Skip to content

Don’t Catch a Bad Fish in the Sea of Online Dating

Scammers take advantage of every major event or holiday to launch their malicious campaigns, and Valentine’s Day is no different. Online dating and social media have made it easier than ever to meet new people and find dates, but those platforms have also created an environment which makes it easy for scammers to attack. Con artists create compelling backstories and full-fledged identities, then trick you into falling for someone who doesn’t exist. This form of deception is known as “catfishing.” Sometimes a catfisher is simply a lonely person hiding behind a fake persona, but often it is the first step in a phishing scheme to steal personal information or a romance scam to trick you out of money. 

“Catfishing, or romance scams, are very similar to other types of consumer fraud,” said Mechele Agbayani Mills, President and CEO of BBB Serving Central East Texas. “The scammer presents themselves with a fake identity, then uses emotion to gain trust and take what they want from their victims.” 

How the scam works:

Most romance scams start with fake profiles on online dating sites created by stealing photos and text from real accounts or elsewhere. Scammers often claim to be in the military or working overseas to explain why they can’t meet you in person. Over a short period of time, the scammer builds a fake relationship with you, exchanging photos and romantic messages. You may even speak with them on the phone.

Just when the relationship seems to be getting serious, your new sweetheart has a health issue or family emergency, or wants to plan a visit. No matter the story, the request is the same: they need money. But after you send money, there’s another request, and then another. Often, the scammer stops communicating altogether.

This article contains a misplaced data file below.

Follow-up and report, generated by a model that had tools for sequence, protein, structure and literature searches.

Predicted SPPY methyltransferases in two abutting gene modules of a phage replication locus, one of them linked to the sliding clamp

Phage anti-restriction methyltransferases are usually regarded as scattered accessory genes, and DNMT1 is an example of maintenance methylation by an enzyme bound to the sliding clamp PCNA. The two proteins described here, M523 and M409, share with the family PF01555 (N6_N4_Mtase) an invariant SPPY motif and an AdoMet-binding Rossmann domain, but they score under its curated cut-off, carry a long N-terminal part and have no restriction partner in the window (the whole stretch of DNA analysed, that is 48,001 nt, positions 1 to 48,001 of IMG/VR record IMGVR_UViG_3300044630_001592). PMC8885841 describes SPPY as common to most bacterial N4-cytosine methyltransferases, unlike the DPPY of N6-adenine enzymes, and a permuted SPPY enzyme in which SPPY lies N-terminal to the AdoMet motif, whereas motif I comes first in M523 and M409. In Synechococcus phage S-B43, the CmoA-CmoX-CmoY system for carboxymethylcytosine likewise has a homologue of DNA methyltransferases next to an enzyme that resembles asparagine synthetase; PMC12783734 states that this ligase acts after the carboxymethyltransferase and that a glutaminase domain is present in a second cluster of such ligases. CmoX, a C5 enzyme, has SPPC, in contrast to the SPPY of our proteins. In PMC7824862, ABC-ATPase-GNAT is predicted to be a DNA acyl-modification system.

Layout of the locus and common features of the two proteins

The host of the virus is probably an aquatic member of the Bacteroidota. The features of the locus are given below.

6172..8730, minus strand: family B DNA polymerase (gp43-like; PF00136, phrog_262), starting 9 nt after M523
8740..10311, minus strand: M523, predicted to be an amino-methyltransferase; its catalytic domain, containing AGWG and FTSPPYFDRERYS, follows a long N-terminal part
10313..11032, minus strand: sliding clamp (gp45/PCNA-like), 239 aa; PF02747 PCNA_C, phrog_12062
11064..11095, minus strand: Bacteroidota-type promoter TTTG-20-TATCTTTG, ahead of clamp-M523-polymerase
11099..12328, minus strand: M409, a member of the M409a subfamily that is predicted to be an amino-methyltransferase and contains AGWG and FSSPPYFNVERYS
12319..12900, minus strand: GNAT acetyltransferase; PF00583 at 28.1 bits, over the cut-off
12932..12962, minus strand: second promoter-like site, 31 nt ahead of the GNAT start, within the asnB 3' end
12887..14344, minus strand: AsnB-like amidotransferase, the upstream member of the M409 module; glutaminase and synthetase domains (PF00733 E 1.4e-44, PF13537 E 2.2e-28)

BBB offers the following tips to help keep your heart and your bank account safe.

Too good-looking to be true. Scammers offer up good-looking photos and tales of financial success. If they seem “too perfect,” your alarm bells should ring.

In a hurry to get off the site. Catfishers will try very quickly to get you to move to communicating through email, messenger, or phone.

Moving fast. A catfisher will begin speaking of a future together and tell you they love you quickly. They often say they’ve never felt this way before.

Can’t meet in person. Be wary of someone who always has an excuse to postpone meeting because they say they are traveling or live overseas or are in the military.

Scammer Grammar. Poor spelling or grammar, overly flowery language, and phrases which don’t make sense are common with any type of scam and should be considered a red flag.

Hard luck stories. Before moving on to asking you for money, the scammer may hint at financial troubles like heat being cut off or a stolen car or a sick relative, or they may share a sad story from their past (death of parents or spouse, etc.).

Protect yourself from this scam:

Never send money or personal information. Never give someone your credit card information to book a ticket to visit you. Cease contact if someone starts asking you for information like credit card, bank, or government ID numbers.

Do your research. Many scammers steal photos from the web to use in their profiles. Perform a reverse image lookup using a website like to see if the photos on a profile are stolen from somewhere else. 

To report a scam, go to BBB Scam Tracker.

Read more in “Online Romance Scams: A BBB Study on How Scammers Use Impersonation, Blackmail, and Trickery to Steal From Unsuspecting Daters.” And to learn more ways on how to protect yourself, go to “10 Steps to Avoid Scams”.

ABOUT BBB®: For more than 100 years, the Better Business Bureau has been helping people find businesses, brands and charities they can trust. In 2020, people turned to BBB more than 220 million times for BBB Business Profiles on 6.2 million businesses and Charity Reports on 11,000 charities, all available for free at The International Association of Better Business Bureaus is the umbrella organization for the local, independent BBBs in the United States, Canada and Mexico. BBB serving Central East Texas opened their Tyler office in 1985 and serves 19 counties in East Texas. 


Leave a Comment